On Doing Things Well

My business partner, Kristin Cobble, is a Peter Senge disciple, and we’ve been having good conversations over the past few weeks about learning organizations. In the course of these discussions, I was reminded of a huge pet peeve of mine. I hate it when people say things like:

“We’re not collaborating.”

“That’s not a network.”

“We’re not a learning organization.”

when what they actually mean is:

“We’re not collaborating well.”

“That’s not an effective network.”

“We’re not an effective learning organization.”

I’m not just being pedantic. Not only does the qualifier matters, it’s the question that most of us actually care about.

Let’s take learning organizations as an example. Senge defines learning organizations as organizations that are continually expanding their capacity to create their desired futures. (This is almost identical to Doug Engelbart’s definition of organizations that are collectively intelligent.)

By this definition, any organization that is profitable is a learning organization, because more money generally increases the capacity of most groups to create their desired futures. Of course, this is not what most people actually mean when they talk about learning organizations. It’s not because it’s wrong. It’s because what we really care about is what makes organizations effective at learning. Profitably can indicate effectiveness, but it is not the defining factor.

Treating things like learning and collaboration as a continuum rather than as a binary acknowledges what you are already doing and supports you in building on that, rather than assuming (usually incorrectly) that you’re not doing it in the first place. It also gets you out of the mindset of trying to follow someone else’s predefined template. In other words, it puts the emphasis on the verb (to learn, to collaborate) rather than the noun.

Senge’s attributes for learning organizations are great, and I refer to them all the time. But when people ask me about what it means to be a learning organization, I turn the questions back to them:

  • What does it mean for you, individually, to learn?
  • What’s an example of something you’ve learned well?  What enabled you to learn that effectively?
  • What’s an example of something your organization has learned? What enabled it to learn? How could you create conditions that would enable your organization to learn more effectively?

Simply taking the time to explore these kinds of questions together is the first step toward making any group effective at learning.

Learning and Collaboration

On a warm summer evening in Virginia last July, I sat on Marcia Conner‘s porch and wondered aloud whether we were in the same business. Marcia cares about collaboration, but she’s nuts about learning. If she doesn’t hear the word “learning” in the context of projects she’s involved with, alarm bells go off in her head.    (LJ7)

I’m equally passionate about collaboration and learning, but I can talk about my work without ever mentioning the latter. My reasoning, as I explained that night, was that good collaboration encompasses learning, and the best way to learn is to collaborate. You can’t talk about “collaboration” without also thinking about “learning.”    (LJ8)

Doug Engelbart often says that high-performance communities are experts at CoDIAK — collectively developing, integrating, and applying knowledge. I hate the acronym, because I think it’s unnecessarily esoteric. What CoDIAK boils down to is:    (LJ9)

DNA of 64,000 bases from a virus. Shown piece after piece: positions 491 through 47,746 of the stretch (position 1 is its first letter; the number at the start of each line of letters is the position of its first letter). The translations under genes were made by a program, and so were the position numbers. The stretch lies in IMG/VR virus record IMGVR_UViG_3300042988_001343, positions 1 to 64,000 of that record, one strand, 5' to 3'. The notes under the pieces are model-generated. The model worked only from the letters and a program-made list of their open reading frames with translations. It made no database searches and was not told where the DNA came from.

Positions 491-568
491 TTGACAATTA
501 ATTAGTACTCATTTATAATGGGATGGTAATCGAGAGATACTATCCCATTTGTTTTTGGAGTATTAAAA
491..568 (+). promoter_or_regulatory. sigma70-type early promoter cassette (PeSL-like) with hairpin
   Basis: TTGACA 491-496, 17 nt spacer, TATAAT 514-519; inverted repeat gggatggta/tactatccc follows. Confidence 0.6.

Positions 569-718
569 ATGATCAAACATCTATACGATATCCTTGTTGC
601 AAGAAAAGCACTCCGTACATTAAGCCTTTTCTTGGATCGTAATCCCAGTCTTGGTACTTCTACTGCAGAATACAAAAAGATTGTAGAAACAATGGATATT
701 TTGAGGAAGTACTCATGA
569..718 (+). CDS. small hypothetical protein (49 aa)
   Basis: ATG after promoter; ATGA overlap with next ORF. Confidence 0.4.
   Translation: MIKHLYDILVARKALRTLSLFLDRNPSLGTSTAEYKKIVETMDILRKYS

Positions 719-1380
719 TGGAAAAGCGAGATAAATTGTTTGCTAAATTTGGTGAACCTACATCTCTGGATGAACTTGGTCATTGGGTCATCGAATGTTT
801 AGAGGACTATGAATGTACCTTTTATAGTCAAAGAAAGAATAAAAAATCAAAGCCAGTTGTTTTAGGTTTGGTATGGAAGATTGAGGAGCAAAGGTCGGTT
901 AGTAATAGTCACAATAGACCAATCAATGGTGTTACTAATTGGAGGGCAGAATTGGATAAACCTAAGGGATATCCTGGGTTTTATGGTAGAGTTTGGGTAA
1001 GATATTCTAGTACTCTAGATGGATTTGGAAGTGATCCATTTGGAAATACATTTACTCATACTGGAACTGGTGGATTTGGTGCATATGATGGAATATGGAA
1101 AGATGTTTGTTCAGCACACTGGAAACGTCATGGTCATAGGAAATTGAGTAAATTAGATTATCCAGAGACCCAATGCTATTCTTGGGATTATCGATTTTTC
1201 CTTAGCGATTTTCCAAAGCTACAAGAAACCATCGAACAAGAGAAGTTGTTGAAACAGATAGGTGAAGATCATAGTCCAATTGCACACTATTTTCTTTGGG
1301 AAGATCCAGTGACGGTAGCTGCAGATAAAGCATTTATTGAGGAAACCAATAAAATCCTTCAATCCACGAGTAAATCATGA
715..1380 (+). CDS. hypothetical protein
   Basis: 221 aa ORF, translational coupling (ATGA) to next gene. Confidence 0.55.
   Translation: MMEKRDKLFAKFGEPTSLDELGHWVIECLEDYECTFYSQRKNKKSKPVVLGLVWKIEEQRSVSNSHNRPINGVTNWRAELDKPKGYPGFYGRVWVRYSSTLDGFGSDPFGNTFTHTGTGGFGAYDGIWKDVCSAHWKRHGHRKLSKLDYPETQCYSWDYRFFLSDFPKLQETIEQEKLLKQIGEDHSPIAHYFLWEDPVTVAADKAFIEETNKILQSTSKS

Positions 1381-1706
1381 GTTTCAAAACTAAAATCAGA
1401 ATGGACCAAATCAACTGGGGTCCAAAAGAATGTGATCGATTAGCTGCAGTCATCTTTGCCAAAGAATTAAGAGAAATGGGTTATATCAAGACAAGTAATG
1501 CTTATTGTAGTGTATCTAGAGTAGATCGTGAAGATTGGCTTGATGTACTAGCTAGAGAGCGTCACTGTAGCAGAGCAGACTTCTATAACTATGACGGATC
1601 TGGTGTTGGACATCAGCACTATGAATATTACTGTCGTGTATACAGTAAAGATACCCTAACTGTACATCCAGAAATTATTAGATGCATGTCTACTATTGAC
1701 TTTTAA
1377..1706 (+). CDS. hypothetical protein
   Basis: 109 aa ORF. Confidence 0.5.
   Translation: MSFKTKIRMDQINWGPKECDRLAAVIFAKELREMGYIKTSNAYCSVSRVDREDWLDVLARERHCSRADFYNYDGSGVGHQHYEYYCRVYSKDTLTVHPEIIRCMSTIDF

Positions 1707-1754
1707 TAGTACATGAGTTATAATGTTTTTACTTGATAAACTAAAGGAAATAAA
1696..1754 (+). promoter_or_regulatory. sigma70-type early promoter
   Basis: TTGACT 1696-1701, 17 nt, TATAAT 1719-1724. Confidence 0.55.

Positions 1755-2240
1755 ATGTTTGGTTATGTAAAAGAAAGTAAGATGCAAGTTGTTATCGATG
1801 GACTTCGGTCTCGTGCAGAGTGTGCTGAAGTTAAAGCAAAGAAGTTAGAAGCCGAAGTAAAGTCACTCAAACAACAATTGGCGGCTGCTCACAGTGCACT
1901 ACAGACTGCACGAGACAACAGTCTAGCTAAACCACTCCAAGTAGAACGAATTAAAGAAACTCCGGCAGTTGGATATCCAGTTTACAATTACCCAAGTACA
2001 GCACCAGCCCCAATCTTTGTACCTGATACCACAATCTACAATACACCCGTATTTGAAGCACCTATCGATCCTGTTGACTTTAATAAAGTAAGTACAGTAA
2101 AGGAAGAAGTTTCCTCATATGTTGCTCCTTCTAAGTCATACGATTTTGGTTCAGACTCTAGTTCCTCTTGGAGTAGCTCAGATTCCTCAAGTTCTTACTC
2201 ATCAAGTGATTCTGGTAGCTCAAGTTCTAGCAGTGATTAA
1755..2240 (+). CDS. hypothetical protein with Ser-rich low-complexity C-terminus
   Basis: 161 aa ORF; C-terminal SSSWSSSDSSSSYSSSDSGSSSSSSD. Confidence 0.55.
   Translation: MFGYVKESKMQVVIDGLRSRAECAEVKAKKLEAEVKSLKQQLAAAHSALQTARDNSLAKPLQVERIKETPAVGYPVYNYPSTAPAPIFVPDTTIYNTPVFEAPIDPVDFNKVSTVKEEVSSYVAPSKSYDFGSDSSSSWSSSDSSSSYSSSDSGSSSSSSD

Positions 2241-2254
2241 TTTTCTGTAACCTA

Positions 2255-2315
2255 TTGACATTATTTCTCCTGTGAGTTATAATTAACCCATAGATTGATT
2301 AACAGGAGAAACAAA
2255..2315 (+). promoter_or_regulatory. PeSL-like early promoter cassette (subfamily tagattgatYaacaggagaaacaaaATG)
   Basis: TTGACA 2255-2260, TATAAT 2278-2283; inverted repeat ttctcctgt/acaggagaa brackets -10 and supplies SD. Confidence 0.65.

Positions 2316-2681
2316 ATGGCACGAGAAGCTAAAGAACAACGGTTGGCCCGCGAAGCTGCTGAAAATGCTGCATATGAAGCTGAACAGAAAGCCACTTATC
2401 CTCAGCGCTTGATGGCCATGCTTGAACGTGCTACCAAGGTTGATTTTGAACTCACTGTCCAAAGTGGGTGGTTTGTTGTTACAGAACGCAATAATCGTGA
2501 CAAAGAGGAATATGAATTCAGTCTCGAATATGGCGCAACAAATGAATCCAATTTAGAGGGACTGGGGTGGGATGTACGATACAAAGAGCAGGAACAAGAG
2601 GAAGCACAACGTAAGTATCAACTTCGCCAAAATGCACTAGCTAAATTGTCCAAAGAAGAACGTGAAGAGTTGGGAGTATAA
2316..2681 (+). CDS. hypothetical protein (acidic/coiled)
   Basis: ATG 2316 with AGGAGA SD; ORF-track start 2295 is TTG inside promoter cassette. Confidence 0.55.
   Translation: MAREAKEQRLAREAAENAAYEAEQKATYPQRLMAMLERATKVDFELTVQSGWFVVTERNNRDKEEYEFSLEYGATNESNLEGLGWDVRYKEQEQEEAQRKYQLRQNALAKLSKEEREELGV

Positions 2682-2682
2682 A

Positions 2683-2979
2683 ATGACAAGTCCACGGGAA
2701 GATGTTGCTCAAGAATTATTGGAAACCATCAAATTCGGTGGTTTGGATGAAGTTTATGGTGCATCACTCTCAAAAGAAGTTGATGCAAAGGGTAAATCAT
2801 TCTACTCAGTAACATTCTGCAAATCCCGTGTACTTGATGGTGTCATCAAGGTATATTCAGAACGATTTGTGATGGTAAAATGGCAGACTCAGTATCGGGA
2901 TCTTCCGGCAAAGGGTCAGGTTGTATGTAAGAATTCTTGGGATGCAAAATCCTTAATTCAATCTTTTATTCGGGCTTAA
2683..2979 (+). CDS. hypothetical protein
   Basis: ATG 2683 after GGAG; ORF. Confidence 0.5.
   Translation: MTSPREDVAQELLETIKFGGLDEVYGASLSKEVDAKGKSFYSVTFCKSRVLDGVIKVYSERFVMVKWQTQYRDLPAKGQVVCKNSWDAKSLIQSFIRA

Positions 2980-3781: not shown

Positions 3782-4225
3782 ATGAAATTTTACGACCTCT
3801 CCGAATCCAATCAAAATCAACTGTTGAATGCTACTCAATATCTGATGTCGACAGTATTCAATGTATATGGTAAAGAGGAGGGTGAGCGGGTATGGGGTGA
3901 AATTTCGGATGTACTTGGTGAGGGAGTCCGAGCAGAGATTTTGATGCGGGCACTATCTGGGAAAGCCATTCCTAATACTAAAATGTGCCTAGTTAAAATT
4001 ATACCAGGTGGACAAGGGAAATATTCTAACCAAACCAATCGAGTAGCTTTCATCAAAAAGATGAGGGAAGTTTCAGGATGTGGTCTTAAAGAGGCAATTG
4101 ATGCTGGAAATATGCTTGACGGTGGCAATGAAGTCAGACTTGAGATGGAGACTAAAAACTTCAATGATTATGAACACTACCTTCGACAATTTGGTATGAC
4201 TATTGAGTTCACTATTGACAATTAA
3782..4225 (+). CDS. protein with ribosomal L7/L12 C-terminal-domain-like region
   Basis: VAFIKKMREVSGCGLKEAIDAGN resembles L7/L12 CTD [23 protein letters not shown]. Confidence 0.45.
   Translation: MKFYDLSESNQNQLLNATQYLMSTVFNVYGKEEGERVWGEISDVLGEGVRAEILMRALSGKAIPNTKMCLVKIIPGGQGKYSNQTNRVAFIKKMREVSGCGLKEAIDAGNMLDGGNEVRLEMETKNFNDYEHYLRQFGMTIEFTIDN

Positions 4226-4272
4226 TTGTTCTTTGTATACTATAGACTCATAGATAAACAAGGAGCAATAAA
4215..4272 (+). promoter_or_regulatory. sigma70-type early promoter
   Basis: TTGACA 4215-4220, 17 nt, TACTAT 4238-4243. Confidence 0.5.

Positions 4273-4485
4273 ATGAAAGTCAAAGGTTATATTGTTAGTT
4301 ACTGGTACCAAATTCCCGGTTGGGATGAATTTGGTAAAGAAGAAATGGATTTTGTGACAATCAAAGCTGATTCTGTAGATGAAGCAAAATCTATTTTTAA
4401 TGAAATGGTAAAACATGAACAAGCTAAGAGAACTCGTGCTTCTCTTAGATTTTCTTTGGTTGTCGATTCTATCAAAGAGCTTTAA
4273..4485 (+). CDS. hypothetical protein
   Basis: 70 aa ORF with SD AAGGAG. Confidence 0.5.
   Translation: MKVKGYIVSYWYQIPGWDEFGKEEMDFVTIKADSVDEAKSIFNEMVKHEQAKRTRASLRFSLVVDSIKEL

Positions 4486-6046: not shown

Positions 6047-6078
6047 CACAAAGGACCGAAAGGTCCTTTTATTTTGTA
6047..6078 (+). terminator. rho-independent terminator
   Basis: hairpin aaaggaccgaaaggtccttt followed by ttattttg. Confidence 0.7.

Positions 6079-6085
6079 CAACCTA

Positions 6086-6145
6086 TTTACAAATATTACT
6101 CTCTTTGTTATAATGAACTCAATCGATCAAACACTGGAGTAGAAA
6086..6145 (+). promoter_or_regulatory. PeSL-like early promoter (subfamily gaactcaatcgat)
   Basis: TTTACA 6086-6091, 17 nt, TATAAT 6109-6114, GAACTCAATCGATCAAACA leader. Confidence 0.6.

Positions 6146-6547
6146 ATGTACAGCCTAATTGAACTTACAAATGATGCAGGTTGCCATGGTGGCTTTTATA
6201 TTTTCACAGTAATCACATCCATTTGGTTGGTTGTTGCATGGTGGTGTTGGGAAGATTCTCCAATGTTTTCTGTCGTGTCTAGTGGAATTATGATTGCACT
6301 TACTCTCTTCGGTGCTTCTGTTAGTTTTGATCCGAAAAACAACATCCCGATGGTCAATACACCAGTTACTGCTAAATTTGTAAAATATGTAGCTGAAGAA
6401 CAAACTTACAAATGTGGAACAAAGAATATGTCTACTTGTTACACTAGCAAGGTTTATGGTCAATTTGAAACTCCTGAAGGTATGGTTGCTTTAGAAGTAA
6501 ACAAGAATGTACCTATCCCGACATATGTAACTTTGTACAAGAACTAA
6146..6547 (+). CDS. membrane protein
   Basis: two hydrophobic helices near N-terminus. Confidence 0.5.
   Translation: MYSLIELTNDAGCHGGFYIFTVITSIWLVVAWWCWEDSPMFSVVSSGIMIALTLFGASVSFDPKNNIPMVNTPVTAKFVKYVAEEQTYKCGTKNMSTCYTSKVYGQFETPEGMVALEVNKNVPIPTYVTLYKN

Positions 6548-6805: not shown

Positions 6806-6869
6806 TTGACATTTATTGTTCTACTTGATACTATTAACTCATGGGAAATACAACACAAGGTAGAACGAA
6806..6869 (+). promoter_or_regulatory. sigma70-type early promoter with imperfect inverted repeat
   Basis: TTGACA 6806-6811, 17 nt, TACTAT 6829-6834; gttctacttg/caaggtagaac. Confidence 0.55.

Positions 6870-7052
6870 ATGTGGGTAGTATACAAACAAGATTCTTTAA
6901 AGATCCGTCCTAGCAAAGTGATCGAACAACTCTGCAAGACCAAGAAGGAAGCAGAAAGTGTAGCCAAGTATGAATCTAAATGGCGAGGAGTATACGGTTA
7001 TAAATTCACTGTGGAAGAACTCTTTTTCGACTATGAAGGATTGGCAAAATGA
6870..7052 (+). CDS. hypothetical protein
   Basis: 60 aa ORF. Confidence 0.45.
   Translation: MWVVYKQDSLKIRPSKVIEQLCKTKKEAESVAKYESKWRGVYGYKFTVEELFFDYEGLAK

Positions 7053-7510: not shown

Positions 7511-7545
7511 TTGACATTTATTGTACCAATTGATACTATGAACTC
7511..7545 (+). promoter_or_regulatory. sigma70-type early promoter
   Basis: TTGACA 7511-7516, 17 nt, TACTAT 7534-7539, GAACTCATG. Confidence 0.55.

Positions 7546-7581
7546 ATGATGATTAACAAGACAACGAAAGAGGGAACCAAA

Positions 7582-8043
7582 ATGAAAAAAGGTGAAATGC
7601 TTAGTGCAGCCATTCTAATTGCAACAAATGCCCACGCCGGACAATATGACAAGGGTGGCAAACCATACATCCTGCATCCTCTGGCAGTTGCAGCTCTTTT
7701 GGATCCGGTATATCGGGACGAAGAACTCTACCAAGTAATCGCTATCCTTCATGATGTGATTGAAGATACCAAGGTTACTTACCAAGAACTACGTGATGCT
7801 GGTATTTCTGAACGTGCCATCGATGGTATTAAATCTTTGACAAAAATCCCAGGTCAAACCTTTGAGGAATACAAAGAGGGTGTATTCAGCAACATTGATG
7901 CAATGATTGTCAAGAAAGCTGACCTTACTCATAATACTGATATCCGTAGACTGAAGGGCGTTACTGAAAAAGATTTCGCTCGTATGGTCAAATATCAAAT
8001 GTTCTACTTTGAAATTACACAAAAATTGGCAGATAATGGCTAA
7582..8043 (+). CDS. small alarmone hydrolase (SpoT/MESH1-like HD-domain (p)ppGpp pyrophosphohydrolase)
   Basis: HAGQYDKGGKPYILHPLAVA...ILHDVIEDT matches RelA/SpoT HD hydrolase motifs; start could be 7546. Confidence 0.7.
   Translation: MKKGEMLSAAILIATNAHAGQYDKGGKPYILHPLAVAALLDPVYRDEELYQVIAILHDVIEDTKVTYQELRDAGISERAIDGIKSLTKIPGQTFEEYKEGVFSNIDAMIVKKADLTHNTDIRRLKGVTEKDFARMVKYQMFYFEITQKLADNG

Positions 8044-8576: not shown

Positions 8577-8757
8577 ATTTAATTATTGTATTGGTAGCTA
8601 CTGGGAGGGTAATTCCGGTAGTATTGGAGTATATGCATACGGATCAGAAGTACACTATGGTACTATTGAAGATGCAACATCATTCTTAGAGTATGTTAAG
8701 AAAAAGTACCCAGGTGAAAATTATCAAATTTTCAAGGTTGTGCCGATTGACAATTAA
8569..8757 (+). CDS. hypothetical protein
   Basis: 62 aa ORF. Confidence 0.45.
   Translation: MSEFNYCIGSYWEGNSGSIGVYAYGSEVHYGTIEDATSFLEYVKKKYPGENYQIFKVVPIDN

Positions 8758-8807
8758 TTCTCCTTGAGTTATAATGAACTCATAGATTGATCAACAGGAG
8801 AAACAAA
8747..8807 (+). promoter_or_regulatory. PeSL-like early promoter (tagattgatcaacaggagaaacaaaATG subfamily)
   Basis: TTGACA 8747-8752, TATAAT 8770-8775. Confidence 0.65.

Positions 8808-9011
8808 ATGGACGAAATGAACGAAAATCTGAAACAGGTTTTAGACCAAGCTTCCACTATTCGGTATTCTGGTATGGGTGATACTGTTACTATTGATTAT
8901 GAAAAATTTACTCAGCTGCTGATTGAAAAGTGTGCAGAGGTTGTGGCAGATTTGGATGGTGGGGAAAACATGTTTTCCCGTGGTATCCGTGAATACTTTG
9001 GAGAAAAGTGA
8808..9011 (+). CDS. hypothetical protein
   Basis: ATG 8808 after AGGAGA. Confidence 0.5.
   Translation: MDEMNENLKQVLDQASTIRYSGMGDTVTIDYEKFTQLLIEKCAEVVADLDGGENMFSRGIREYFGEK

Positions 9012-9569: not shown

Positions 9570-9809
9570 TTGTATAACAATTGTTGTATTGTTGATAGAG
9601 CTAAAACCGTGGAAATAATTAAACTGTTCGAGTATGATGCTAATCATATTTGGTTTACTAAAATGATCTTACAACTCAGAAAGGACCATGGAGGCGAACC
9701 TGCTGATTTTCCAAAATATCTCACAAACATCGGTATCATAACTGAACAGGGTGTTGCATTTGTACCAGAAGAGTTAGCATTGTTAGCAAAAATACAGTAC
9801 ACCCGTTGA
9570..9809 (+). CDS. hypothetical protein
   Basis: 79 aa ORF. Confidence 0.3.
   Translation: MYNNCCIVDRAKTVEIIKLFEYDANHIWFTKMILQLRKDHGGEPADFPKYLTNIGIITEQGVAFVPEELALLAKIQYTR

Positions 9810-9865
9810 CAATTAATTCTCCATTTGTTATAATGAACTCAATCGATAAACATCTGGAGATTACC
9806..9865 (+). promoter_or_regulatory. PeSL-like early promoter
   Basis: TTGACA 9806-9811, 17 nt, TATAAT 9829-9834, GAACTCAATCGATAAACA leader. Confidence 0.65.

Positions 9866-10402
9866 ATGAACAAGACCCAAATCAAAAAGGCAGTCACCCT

• Learn.    (LJA)
  • Share and apply what you know.    (LJB)
  • Repeat early and often.    (LJC)

There’s that “learn” word again.    (LJD)

I still believe that collaboration encompasses learning, but I’ve changed my mind about whether it’s important to explicitly mention learning in the context of my work. Marcia, of course, is to blame. We were chatting in the attic of a colleague’s home last Friday, with her two year old son, Clarke, playing on the floor as we talked, and our conversation again drifted towards learning. I was talking about a project I’m involved with, and I explained that while it still felt important, I wasn’t learning any more.    (LJE)

As soon as I said it, I laughed to myself, because it sounded like something that Marcia would have complained about. Yesterday, as I was reading Allison Fine‘s Momentum, a book that Marcia gave me, I was again struck by how important learning is to my work. I believe very strongly in defining projects concretely and getting things done, but I refuse to take on a client who doesn’t care about learning. I expect to learn from my work, and I expect my clients to want to learn as part of our collaboration. This is not a requirement to be in this business. There are plenty of projects where clients don’t give a damn about learning. They just want you to get the work done. I’ve been offered these kinds of projects in the past, and the work itself is often intellectual, enjoyable, and well-paying. I still turn it down. My mission is to help people learn about collaboration, and I won’t work on projects where that’s not happening.    (LJF)

I’ve already made it a practice to describe Blue Oxen Associates‘ long-term goal as building and facilitating a Learning Community centered around collaboration. I could just as easily have chosen Engelbart’s term, Improvement Community, or Etienne Wenger‘s term, Community of Practice, but I chose Peter Senge‘s instead, and the fact that “learning” is there was a major reason why. I’m currently in the process of revamping our web site, and I plan on making “learning” a more explicit part of our message.    (LJG)